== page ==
“Day by day: coming of age is a process that takes time”: supporting culturally appropriate coming of age resources for urban Indigenous youth in care on Vancouver Island




Mellor, Andrea Faith Pauline

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The Truth and Reconciliation Commission’s first call to action is to reduce the number of Indigenous children and youth in care, including keeping young people in culturally appropriate environments. While we work towards this goal, culturally appropriate resources are needed to support children and youth as evidence shows that when Indigenous youth have access to cultural teachings, they have improved physical, mental, emotional, and spiritual health outcomes. Our project focused on the protective qualities of Indigenous coming of age teachings. Together with our community partner Surrounded by Cedar Child and Family Services, we worked to develop resources that inform and advocate for a culturally-centered coming of age for urban Indigenous youth living in foster care in Victoria, British Columbia on Lekwungen Territory. This dissertation begins with a literature review to provide the social and historical context surrounding urban Indigenous youth-in-care’s access to coming of age teachings. This is followed by a description of the Indigenous research paradigm that guided our work, what it meant for us to do this project in a good way, and the methods that we used to develop three visual storytelling knowledge sharing tools. Three manuscripts are presented, two published and one submitted, that reflect a strength-based vision of coming of age shared by knowledge holders who participated in our community events. The first manuscript retells the events of the knowledge holder’s dinner, where community members shared their perspectives on four questions related to community engagement and youth support. An analysis of the event’s transcripts revealed key themes including the responsibility of creating safe-spaces for youth, that coming of age is a community effort, and the importance of youth self-determining their journey. A graphic recording and short story are used to illustrate and narrate the relationship between key themes and related signifiers. This manuscript highlights the willingness of the community to collectively support youth in their journeys to adulthood. The second manuscript focuses on our two youth workshops that had the objective of understanding what rites of passage youth in SCCFS’s care engage with and how they learn what cultural teachings were most important to them. The findings suggest that when youth experience environments of belonging, and know they are ‘part of something bigger’, qualities like self-determination, self-awareness, and empowerment are strengthened. The third manuscript focuses on how we translated our project findings into different storytelling modalities using an Indigenist arts-based methodological approach. The project findings provided the inspiration and content for a fictional story called Becoming Wolf, which was adapted into a graphic novel, and a watercolour infographic. These knowledge sharing media present our project findings in accessible and meaningful ways that maintain the context and essences of our learnings. This research illustrates how Indigenous coming of age is an experience of interdependent teachings, events, and milestones, that contribute to the wellness of the body, mind, heart, and spirit of youth and the Indigenous community more broadly. Through our efforts, we hope to create a shared awareness about the cultural supports available to urban Indigenous youth that can contribute to lifelong wellness.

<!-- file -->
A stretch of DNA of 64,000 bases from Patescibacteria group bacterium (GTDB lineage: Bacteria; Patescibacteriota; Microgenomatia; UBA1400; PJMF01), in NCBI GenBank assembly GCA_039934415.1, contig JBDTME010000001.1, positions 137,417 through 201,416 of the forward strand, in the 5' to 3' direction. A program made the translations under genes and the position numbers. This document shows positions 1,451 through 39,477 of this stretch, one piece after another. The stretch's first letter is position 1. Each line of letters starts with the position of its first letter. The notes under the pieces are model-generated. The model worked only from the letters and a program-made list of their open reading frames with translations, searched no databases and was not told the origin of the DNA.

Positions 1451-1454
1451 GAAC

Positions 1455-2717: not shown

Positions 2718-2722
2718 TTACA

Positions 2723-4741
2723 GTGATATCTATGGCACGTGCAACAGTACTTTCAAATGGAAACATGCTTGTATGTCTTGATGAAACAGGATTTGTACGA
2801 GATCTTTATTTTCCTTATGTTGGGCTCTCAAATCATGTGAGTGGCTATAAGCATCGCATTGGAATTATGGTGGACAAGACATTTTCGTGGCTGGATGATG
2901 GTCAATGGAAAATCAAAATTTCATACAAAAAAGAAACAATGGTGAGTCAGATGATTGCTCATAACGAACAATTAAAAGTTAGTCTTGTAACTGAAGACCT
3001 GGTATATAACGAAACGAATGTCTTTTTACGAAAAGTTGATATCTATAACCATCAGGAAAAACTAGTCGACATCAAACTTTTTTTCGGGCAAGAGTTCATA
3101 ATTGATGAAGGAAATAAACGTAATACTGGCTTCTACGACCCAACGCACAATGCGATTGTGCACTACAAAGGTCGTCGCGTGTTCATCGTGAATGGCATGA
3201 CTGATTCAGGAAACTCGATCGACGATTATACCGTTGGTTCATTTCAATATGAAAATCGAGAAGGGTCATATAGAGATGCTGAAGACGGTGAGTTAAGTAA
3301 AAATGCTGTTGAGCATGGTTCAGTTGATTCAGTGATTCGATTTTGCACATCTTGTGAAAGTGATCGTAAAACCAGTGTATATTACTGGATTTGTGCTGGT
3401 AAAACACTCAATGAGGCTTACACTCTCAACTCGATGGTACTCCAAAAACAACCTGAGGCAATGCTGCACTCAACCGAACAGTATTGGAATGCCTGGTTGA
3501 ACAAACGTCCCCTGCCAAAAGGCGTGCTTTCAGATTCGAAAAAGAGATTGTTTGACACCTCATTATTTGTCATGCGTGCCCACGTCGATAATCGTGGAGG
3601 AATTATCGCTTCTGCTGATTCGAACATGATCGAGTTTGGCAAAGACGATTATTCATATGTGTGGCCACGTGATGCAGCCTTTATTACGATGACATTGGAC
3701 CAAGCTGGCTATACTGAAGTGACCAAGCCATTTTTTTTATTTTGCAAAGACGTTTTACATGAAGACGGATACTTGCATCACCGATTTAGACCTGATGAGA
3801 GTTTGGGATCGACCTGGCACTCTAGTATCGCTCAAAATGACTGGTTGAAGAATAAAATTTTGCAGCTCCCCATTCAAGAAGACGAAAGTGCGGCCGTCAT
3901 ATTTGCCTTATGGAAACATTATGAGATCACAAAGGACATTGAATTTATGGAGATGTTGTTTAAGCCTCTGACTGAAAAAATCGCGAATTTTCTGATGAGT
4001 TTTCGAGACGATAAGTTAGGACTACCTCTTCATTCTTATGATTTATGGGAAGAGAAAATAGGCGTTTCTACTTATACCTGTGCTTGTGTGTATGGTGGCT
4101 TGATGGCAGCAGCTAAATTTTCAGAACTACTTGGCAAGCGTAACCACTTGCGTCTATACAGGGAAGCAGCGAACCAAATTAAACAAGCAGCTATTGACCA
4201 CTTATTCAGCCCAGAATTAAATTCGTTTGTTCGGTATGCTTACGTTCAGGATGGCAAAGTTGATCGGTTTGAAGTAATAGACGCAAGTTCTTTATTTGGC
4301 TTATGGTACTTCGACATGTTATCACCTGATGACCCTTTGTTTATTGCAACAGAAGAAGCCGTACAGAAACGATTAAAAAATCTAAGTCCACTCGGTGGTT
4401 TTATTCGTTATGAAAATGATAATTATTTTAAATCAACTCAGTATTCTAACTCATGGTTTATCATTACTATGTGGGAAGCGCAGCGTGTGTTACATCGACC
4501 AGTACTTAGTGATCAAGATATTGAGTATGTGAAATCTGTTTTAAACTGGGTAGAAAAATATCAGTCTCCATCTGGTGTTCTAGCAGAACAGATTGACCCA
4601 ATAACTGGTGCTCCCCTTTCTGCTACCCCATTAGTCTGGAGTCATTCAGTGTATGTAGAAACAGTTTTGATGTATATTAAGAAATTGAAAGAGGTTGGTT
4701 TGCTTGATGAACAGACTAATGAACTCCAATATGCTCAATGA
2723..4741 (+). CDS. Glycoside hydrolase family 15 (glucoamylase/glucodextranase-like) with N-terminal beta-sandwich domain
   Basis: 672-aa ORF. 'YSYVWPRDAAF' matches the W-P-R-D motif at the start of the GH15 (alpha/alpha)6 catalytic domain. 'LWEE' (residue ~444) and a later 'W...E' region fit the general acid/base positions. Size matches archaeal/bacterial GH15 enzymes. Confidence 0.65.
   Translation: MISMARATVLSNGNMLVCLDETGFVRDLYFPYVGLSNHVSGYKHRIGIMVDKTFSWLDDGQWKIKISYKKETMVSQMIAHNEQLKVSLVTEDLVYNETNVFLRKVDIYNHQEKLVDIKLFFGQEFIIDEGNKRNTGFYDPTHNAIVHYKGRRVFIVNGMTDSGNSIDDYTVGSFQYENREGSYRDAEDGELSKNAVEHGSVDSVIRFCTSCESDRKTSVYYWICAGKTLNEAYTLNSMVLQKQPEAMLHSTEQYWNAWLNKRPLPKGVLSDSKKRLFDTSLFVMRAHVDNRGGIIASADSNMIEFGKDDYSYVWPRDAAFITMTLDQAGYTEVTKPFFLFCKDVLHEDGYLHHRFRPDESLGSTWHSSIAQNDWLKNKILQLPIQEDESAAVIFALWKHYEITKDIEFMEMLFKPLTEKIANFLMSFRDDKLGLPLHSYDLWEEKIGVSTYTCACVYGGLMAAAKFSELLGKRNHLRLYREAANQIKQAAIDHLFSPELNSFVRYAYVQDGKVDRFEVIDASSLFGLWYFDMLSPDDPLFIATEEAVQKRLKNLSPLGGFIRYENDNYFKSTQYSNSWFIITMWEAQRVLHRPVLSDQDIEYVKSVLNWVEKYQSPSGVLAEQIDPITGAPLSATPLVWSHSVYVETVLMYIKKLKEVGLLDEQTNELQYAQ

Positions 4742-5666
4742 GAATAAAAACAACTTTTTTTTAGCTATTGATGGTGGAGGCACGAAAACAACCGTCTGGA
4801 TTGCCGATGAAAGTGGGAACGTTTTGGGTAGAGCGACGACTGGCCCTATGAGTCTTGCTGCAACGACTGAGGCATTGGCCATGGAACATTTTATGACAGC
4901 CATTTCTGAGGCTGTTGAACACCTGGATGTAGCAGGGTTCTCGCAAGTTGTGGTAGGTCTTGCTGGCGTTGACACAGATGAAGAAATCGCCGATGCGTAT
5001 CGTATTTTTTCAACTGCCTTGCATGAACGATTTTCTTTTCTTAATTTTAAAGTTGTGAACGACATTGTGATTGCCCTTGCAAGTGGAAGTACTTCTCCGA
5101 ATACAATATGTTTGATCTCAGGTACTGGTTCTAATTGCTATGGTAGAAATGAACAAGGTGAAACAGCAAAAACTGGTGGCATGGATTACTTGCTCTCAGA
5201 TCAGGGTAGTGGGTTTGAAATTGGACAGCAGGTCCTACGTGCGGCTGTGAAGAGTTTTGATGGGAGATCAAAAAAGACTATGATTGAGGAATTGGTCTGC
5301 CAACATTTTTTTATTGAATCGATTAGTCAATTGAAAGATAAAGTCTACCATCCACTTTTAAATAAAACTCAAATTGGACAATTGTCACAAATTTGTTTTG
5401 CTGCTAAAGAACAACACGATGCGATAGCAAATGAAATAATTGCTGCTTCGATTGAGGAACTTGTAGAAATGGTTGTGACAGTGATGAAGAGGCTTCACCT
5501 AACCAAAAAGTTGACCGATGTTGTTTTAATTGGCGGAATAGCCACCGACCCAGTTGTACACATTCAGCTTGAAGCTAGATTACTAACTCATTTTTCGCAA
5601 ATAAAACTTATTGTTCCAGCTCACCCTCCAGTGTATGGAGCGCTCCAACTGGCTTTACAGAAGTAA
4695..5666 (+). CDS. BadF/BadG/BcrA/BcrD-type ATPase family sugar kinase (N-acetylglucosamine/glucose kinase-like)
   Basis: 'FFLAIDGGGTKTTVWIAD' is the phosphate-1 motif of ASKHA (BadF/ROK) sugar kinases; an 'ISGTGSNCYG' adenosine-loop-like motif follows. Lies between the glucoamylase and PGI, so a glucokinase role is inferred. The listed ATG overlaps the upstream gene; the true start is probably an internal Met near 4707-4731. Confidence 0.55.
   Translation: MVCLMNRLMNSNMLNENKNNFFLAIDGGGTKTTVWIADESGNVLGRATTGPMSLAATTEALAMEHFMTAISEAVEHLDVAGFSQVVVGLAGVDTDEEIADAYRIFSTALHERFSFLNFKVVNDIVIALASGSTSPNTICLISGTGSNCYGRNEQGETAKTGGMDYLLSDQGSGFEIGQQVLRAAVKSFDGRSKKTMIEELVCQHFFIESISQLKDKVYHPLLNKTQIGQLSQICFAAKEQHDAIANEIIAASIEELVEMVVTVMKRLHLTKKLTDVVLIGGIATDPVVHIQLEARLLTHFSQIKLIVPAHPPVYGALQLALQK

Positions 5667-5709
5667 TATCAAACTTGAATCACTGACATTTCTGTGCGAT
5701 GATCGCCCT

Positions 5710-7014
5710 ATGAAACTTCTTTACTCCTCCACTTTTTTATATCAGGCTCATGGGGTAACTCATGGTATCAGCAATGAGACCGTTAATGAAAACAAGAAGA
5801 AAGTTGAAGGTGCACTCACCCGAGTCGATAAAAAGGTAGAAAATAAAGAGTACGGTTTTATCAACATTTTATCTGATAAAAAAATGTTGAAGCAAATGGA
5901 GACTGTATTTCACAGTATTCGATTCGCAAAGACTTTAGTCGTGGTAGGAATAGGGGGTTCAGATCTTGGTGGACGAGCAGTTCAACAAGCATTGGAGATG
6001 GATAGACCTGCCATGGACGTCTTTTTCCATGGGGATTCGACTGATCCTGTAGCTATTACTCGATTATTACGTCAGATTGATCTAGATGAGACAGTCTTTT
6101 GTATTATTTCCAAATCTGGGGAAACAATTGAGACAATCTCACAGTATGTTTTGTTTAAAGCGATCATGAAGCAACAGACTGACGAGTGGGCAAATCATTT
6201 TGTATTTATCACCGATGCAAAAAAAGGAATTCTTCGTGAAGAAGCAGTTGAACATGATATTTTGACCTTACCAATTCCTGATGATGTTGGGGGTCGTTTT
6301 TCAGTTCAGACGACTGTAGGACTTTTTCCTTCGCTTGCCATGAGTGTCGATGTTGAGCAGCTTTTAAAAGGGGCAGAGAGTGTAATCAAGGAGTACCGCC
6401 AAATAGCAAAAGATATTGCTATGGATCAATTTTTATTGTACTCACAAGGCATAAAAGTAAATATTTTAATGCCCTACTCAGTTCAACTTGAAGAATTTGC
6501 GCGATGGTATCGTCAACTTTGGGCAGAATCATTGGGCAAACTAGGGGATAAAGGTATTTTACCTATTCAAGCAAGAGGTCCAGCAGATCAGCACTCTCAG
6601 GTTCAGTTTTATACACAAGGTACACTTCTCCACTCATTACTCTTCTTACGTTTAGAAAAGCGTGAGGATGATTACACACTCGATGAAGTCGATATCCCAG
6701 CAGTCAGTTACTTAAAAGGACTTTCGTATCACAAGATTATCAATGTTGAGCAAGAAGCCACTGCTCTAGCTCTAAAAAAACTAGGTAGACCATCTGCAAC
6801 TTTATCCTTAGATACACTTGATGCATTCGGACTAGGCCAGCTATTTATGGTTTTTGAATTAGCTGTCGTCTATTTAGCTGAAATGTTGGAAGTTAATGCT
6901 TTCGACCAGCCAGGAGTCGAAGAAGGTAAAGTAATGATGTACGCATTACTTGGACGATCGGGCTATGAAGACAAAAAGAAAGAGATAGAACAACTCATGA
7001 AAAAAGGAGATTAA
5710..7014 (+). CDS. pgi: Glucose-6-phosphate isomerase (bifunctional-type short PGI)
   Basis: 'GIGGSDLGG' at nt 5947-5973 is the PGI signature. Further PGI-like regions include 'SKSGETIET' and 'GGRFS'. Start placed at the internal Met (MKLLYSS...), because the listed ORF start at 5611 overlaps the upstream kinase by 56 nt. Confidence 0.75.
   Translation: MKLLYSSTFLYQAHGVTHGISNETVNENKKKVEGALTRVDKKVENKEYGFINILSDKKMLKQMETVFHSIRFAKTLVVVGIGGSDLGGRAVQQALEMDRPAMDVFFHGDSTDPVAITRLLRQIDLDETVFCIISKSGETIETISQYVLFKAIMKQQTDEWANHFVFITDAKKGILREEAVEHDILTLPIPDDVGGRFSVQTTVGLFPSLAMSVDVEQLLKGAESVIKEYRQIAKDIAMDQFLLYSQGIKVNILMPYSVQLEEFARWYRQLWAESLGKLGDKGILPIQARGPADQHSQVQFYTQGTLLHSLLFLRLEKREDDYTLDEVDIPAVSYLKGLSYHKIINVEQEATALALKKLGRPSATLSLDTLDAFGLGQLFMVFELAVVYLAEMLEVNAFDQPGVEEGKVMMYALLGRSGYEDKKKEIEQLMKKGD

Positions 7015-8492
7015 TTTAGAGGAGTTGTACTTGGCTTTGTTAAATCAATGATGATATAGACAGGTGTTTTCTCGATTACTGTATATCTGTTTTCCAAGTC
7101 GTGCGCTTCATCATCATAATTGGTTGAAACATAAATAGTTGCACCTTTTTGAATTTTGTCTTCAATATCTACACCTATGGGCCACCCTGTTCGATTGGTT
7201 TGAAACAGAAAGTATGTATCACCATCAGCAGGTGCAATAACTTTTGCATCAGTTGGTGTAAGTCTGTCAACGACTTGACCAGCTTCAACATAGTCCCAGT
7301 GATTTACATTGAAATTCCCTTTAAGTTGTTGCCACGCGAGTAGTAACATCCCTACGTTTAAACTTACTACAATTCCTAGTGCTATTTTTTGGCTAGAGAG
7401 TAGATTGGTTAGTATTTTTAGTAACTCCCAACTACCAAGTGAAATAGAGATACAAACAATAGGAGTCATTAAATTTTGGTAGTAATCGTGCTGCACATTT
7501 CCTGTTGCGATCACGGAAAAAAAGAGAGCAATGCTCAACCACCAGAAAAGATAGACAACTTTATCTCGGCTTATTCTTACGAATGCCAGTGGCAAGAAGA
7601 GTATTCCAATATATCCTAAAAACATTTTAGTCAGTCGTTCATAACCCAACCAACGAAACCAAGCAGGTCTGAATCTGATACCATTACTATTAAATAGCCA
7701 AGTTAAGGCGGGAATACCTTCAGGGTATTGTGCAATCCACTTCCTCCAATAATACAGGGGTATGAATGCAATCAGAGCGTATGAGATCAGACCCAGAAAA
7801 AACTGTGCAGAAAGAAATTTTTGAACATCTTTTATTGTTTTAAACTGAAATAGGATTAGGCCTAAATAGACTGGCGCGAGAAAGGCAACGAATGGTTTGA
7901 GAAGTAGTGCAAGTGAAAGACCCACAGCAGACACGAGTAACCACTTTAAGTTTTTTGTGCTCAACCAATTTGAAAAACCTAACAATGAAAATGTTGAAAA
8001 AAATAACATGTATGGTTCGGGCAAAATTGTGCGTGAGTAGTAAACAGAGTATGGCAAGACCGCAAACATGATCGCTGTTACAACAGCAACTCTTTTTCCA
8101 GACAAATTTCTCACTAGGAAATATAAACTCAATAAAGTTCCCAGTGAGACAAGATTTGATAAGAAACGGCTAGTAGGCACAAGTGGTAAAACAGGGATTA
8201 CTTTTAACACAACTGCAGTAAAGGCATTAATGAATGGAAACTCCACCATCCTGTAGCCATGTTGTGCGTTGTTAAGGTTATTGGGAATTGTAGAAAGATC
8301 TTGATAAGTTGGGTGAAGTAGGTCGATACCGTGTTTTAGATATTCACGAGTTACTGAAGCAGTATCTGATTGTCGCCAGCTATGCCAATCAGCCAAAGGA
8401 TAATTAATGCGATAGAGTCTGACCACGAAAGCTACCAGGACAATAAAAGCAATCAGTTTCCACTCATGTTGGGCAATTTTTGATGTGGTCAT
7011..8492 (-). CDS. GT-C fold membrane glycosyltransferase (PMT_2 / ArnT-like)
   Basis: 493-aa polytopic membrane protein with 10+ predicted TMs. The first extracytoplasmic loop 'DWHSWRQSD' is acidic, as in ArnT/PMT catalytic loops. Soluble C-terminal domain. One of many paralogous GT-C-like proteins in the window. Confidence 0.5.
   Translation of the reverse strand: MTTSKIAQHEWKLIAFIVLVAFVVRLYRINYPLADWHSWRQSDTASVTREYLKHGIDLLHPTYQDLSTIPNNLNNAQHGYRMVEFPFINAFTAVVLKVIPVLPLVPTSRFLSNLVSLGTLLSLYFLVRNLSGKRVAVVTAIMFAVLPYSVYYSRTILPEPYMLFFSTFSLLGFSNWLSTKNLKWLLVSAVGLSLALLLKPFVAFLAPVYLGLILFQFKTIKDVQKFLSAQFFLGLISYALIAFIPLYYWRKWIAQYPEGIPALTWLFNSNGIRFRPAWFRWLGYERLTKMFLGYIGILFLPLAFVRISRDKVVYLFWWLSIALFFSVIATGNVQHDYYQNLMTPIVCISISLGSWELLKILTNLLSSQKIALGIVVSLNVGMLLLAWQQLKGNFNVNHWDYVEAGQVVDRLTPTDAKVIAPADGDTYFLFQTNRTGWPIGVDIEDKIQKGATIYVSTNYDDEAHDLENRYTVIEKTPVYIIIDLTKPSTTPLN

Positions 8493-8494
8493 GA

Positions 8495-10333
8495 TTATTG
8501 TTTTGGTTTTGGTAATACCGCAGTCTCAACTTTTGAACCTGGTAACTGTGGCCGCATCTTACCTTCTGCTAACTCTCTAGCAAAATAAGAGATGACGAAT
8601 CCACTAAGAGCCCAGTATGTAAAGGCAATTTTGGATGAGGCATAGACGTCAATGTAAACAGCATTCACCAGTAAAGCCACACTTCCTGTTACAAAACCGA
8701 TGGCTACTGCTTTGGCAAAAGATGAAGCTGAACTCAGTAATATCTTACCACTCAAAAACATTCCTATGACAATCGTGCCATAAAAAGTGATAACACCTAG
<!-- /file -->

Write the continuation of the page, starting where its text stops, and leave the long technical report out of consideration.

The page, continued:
Community-based research, arts based research, youth engagement, emerging adulthood, Indigenous child welfare, Indigenous health, Indigenous methodologies, Participatory research, research storytelling, coming of age, rites of passage, urban Indigenous, Social determinants of health, Cultural determinants of health, Resilience, Strength based research, Graphic novel